The Nats’ loss was dampened, somewhat, by the appearance of Hernandez. It seemed almost as if a weight had been lifted from the team: a sure sign that a wily veteran, “the master,” had returned (and not a moment too soon) — and brought his toolkit: a ball that moves in and out and down at strange and unpredicted speeds and a fastball (just 85 mph) that is high, but not too high; just high enough for a guy like Derrek Lee to think that he might put it into the seats (but swing under it). Hernandez has to be the most phlegmatic pitcher in baseball. He walks slowly to the mound, and slowly off and his expression, whether the game is 9-0 in his favor, or against, rarely changes. So it was last night, when Milton “Board Game” Bradley put a two run homer into the seats at Wrigley, sparking a sure Cubs win. Hernandez, undisturbed, pawed tentatively at the dirt with the toe of his right cleat and went back to work.

The two couldn’t be more different. After last night’s game, Hernandez stood next to his locker and talked to reporters about what it’s like to be back with the Nats — a team, a franchise and a city that he’s always liked. “It’s nice to be back,” Hernandez said. “I love the city. I’ve been asking every year to go back. Inside, it’s very emotional. I’m very happy. I like to thank the people here for giving me a chance to come back.” On the other side of the field, Milton Bradley couldn’t wait to get dressed and out of the way of the reporters waiting to talk with him. A bad season? A poor attitude? Bradley blamed the fans, saying they “hated” him. He once famously said of the bleacher jeers at Wrigley:I just pray the game is nine innings, so I can be out there the least amount of time as possible and go home.” The Cubs would love to accomodate him.

It was a lot worse the night before — after the Nats pummeled the Cubs for fifteen runs. “When I go home and look in the mirror, I like what I see,” Bradley told reporters. “My family is there; I have people I can talk to who are very supportive, in spite of everything and all the adversity and the hatred you face on a daily basis. But I’ll be all right. I always have. I’m talking about hatred, period. I’m talking about when I go to eat at a restaurant. I’ve got to listen to the waiters badmouthing me at another table, sitting in a restaurant. That’s what I’m talking about. Everything.” Phew. Not surprisingly, Chicago Cubs reporters and blogs have had a field day. “We Don’t Hate You,” intoned one, “You Just Stink.” Apparently after his two run home run against Hernandez on Wednesday, Bradley made “a hand gesture” to fans — who were cheering him. The results of “the hand gesture” might have lit up Chicago’s Magnificent Mile: “I have some very simple advice for Bradley,” a reporter later editorialized, “shut up and perform, and the fans won’t hate you so much.” Ah … it might be too late for that.

So it goes in Chicago — where the full effect of losing when you’re picked to win is now on full display: an embittered  player that is being paid $61,00 per game is blaming everyone but himself, and a general manager who is continually reminded that the two players he might have had (this one and this one) are not only better and are not only headed to the post season, they were actually a hell of a lot cheaper. Never mind. He took a pass. He wanted Milton Bradley. And so, it seems, there’s only one way to describe this . . .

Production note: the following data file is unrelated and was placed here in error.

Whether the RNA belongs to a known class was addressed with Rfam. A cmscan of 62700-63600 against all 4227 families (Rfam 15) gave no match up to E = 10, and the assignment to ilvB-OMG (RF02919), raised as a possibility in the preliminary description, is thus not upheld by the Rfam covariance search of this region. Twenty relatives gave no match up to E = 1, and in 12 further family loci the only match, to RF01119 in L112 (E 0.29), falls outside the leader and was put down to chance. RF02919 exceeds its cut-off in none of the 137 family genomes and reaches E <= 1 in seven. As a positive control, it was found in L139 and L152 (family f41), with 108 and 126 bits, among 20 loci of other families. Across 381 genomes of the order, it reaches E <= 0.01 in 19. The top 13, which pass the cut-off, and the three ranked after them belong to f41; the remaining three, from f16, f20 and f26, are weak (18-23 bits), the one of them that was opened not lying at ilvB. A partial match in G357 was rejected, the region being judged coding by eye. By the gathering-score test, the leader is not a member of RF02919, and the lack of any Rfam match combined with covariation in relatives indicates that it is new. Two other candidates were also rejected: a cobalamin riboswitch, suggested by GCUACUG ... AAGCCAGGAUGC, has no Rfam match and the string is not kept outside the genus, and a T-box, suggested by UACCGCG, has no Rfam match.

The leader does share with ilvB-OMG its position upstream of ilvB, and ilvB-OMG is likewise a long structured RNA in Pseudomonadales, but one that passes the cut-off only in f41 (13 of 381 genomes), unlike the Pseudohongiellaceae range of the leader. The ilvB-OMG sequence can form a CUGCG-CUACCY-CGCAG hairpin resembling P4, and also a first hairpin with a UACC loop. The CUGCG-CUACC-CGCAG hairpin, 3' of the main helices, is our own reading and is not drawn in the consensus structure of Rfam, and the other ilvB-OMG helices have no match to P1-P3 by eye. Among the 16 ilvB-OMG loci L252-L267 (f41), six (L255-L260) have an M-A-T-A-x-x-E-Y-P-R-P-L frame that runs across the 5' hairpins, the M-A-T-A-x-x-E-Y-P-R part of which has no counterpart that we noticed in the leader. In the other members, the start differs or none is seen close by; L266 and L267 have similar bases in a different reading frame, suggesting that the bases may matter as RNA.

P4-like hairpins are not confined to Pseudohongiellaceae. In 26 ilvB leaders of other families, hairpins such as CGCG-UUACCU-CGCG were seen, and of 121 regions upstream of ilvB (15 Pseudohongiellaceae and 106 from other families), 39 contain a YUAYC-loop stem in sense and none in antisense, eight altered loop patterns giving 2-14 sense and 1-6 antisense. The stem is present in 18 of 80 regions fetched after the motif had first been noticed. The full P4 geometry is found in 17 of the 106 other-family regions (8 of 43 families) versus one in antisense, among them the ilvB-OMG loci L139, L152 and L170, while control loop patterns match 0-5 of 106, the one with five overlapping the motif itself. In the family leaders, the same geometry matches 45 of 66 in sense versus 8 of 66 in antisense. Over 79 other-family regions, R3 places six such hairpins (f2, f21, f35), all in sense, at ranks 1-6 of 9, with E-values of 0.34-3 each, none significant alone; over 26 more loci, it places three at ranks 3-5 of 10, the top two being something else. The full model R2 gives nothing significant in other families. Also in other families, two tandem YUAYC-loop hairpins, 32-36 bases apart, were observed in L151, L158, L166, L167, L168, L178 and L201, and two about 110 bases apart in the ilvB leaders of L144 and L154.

Cubs Choke

Nats Claw Orphans

Wednesday, August 26th, 2009

Any team can have a bad century, but the former White Stockings, Colts, Orphans and, now, Chicago Cubs are in line for a major league unprecedented 101st season without a championship. The Washington Nationals may well have put the final nail in the Cubs’ coffin for this season on Tuesday night with a 15-6 clobbering of the little bears at the friendly confines of Wrigley Field. The Nats’ onslaught was led by two home runs from Josh Willingham — including a touch-em-all that landed beyond the left field wall on Waveland Avenue — and a grand slam dinger from a struggling Elijah Dukes. After the game, the usually reticent Dukes said that he was “waiting for something that moved” from Cubs reliever Aaron Heilman, a Mets castoff with a suspiciously high ERA. And he got it. Dukes, who has been taking so much batting practice that he had to sit out two games after injuring his thumb in the batting cage, accounted for five RBIs while walking twice. Dukes, whose BA has been see-sawing all season, has a fairly hefty RBI total: it now stands at 51. And it’s true — Dukes has been hitting the ball with more confidence and authority (and to the opposite field), after being recalled from the minors.

Elijah Dukes Accounts for 5 RBIs (AP/Nam Y. Huh)

Elijah Dukes Accounts for 5 RBIs (AP/Nam Y. Huh)

Washington righthander Garrett Mock pitched 5.2 innings for the win, his third of the season. Mock looked good, if not overpowering, with a snappy fastball, but was lifted by interim manager Jim Riggleman for reliever Tyler Clippard. Clippard and Saul Rivera closed out the game. Riggleman’s habit of pulling starters early was on prominent display at Wrigley — he has a history of pulling the trigger on his starters, a habit he developed when he managed in Chicago, his first managing job. Mock was clearly upset by the decision, showing his irritation on the bench. In fact, there’s no reason why the young righthander couldn’t have gotten the third out in the fifth, particularly with the Nats leading (at that point) 9-1. In all, Mock threw 89 pitches, 59 of them for strikes: hardly an elbow shattering experience.